The ways we interact with customers and conduct business are changing, emphasizing digital engagement and seamless, multichannel processes. In line with this change, IT teams face increasing demands to accomplish more with less, and to do so faster.
2020’s global crisis underlined these cross-industry challenges, forcing companies—particularly IT teams—to collaborate and innovate to survive.
Now more than ever, organizations need to stay nimble to change and build agility within their companies to be ready for future challenges and opportunities.
Across industries, there’s a unified answer for acquiring this agility: APIs. Throughout the pandemic, companies with an API-led infrastructure in place held the advantage in their ability to access data from multiple sources within a modular system and adapt to shifts in the nature of customer demand.
In this blog, we’ll take a closer look at how exactly APIs are digitally transforming the business world with the future in mind—and what your business can do to harness the power of API-led integration to prepare for potential crises ahead.
The operational demands of digital transformation
IT teams have historically struggled with speed of delivery and data integration. The pandemic only exacerbated these operational challenges: according to MuleSoft’s 2021 Connectivity Benchmark Report, only 37% of surveyed organizations declared that IT met all project demands in 2020.
Many organizations also pull the bulk of their data from silos, isolated data sources in their company that make it difficult to integrate end-user experiences across all channels, a critical capacity that only 18% of organizations claim to currently have. Reliance on legacy systems and point-to-point integration can further compromise a company’s ability to be technically agile in a crisis and make changes to existing IT infrastructure.
It’s also costly. On average, 85% of IT spend funnels into non-cloud technology and other legacy systems; the average enterprise spends $3.5 million annually on IT labor for custom integration projects. Companies that don’t launch digital transformation right now face financial consequences, and industries know this: 77% of survey respondents in the Connectivity Report claimed that failure to digitally transform will impact their revenue in 2021 and 2022.
When the pandemic began, it underlined the digital divide between agile, API-enabled organizations and those that had yet to digitally transform to meet the moment. These companies used cross-silo system data landscapes to enable project teams, promote an organizational culture of collaboration, and respond to shifting customer and employee demands. Companies at the start of digital transformation, on the other hand, were forced to innovate within the constraints of their existing legacy platforms and data silos. In both cases, this recent global crisis revealed the twin imperative of agility and real-time data.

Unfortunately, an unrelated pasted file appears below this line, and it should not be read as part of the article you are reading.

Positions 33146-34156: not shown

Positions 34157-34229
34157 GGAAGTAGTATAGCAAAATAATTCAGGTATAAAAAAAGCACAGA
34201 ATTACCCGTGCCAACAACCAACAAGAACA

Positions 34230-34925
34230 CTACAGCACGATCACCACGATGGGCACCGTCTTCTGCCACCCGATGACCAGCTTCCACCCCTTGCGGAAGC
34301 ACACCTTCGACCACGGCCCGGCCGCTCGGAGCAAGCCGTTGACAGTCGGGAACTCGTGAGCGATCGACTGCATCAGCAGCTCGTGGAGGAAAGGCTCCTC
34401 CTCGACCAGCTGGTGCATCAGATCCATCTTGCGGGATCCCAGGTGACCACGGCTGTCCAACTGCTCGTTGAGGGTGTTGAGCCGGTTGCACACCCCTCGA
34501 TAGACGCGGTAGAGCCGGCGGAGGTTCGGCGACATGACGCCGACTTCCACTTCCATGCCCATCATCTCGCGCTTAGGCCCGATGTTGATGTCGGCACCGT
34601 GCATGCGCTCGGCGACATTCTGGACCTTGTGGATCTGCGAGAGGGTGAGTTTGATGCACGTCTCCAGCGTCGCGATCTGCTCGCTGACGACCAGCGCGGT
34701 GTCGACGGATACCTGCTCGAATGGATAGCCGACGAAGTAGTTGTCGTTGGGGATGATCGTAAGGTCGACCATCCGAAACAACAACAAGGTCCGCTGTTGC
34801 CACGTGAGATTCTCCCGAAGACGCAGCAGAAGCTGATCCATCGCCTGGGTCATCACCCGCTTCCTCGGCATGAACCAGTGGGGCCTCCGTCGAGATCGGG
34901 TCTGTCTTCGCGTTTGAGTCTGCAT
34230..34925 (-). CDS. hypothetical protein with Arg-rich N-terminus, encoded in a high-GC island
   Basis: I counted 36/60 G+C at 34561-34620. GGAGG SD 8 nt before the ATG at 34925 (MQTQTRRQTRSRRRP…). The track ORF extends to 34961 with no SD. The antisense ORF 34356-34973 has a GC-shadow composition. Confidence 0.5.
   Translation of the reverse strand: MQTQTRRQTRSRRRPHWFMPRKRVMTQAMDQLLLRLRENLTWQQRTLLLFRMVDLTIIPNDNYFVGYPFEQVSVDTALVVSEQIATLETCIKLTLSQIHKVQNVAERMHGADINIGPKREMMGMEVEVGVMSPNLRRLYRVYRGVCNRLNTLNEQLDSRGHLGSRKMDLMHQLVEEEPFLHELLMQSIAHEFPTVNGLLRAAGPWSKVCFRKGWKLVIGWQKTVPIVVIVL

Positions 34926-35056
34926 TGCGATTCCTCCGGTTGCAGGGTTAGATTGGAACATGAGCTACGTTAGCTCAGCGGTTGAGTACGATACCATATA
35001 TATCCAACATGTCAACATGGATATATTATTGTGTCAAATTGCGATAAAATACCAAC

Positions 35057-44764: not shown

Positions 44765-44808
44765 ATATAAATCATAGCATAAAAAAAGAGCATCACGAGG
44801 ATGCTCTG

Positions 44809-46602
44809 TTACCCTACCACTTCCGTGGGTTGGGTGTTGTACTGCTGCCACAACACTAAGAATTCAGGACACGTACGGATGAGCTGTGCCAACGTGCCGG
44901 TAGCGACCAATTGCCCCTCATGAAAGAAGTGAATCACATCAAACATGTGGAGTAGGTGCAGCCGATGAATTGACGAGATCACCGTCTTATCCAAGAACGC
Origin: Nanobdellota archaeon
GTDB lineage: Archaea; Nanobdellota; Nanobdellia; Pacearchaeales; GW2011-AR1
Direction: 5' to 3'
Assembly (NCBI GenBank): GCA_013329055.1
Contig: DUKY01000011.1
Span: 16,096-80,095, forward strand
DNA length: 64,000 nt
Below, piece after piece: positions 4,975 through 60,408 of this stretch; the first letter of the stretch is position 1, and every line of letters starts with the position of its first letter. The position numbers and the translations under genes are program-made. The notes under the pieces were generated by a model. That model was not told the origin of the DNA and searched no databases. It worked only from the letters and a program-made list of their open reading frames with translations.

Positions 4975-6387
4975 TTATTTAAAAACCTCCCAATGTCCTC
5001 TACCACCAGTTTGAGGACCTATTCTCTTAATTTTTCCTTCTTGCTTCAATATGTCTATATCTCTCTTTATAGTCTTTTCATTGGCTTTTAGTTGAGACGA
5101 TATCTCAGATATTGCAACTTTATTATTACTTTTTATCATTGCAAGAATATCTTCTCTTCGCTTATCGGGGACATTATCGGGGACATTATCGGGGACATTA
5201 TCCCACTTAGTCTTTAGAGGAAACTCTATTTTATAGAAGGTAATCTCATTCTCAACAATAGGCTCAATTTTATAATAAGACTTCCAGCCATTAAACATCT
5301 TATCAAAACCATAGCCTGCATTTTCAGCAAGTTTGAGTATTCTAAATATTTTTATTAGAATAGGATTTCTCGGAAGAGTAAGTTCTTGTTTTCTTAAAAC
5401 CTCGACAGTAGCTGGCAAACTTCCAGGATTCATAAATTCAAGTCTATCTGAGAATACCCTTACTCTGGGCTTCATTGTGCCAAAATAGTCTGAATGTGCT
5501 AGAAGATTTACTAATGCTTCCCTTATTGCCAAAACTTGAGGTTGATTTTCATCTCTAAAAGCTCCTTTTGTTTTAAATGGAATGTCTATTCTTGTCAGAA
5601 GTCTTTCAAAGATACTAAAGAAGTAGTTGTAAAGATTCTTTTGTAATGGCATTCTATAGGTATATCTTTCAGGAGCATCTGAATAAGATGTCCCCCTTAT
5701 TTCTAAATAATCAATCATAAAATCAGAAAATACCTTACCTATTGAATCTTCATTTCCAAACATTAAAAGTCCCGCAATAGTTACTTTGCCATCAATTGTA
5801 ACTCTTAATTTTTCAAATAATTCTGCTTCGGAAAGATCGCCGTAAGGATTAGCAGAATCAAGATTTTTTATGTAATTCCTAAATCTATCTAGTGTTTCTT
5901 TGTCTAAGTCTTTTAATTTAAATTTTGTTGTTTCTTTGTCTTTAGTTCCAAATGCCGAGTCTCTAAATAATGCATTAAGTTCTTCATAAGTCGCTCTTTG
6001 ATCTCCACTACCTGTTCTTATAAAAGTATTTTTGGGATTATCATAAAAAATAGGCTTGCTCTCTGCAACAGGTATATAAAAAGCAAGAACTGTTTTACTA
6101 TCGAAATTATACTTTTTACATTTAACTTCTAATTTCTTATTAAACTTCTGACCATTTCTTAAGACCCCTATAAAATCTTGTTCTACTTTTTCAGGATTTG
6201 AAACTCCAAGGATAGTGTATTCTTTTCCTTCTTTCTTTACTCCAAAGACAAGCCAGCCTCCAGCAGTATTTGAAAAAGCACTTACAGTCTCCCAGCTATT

API-led strategies and innovation
Application programming interfaces (APIs) allow enterprises to be technically nimble in their ability to make data available and consumable in real-time. In financial services alone, organizations leveraging APIs experience increased productivity (60%), self-service (47%), and increased innovation (47%).
The power of APIs lies in their reusability and the connectivity that sits behind them. API-led infrastructure enables a unified, systematic data landscape with a clear access and governance model. It also allows developers to reconfigure system components instead of redeveloping them entirely or creating costly custom builds. Given that, in general, 80% of IT projects require the same 20% of data, this notion of reuse is essential for project efficiency and speed of delivery.
APIs also allow internal and external ecosystems to work together by making data accessible and usable across an organization. This is why the first step in implementing API-led integration has to do with a company’s data access level—giving users the same access to the same data. In many cases, this requires replacement of an ERP system with a foundational API layer that consists of core reusable processes all future projects can utilize.
An established API strategy is thus invaluable for driving speed and efficiency in completing projects, given its support of reconfigurable system architecture and delivery of rapid, real-time information to teams. Yet to ensure security and reusability, a company’s API strategy should be synonymous with its data strategy; application networks, after all, provide a framework for how to think about the data and functionality you need to unlock at any stage of development in a consistent, repeatable manner.
Tools for future-proofing
To be future-ready in today’s world is to have the ability to sense and react to changes of any scale, whether those changes are the result of a supply chain disruption, financial crisis, or a global pandemic. Every CIO and CEO should thus have a post-COVID assessment in place to regularly inspect the capability of their IT landscape to react to such changes. In transitioning to a primarily digital business strategy, companies across industries can also use APIs to maximize system flexibility and adaptability.
API-based platforms like MuleSoft offer robust solutions for the kind of digital transformation businesses need right now—one that eliminates data silos, emphasizes cloud-based architecture, and allows for connectivity and reusability. MuleSoft, in particular, brings integration, connectivity, and API management in a single, unified platform. As an industry leader in integration technology, MuleSoft also offers valuable thought leadership on API-led thinking and reusability.
- Kurt Anderson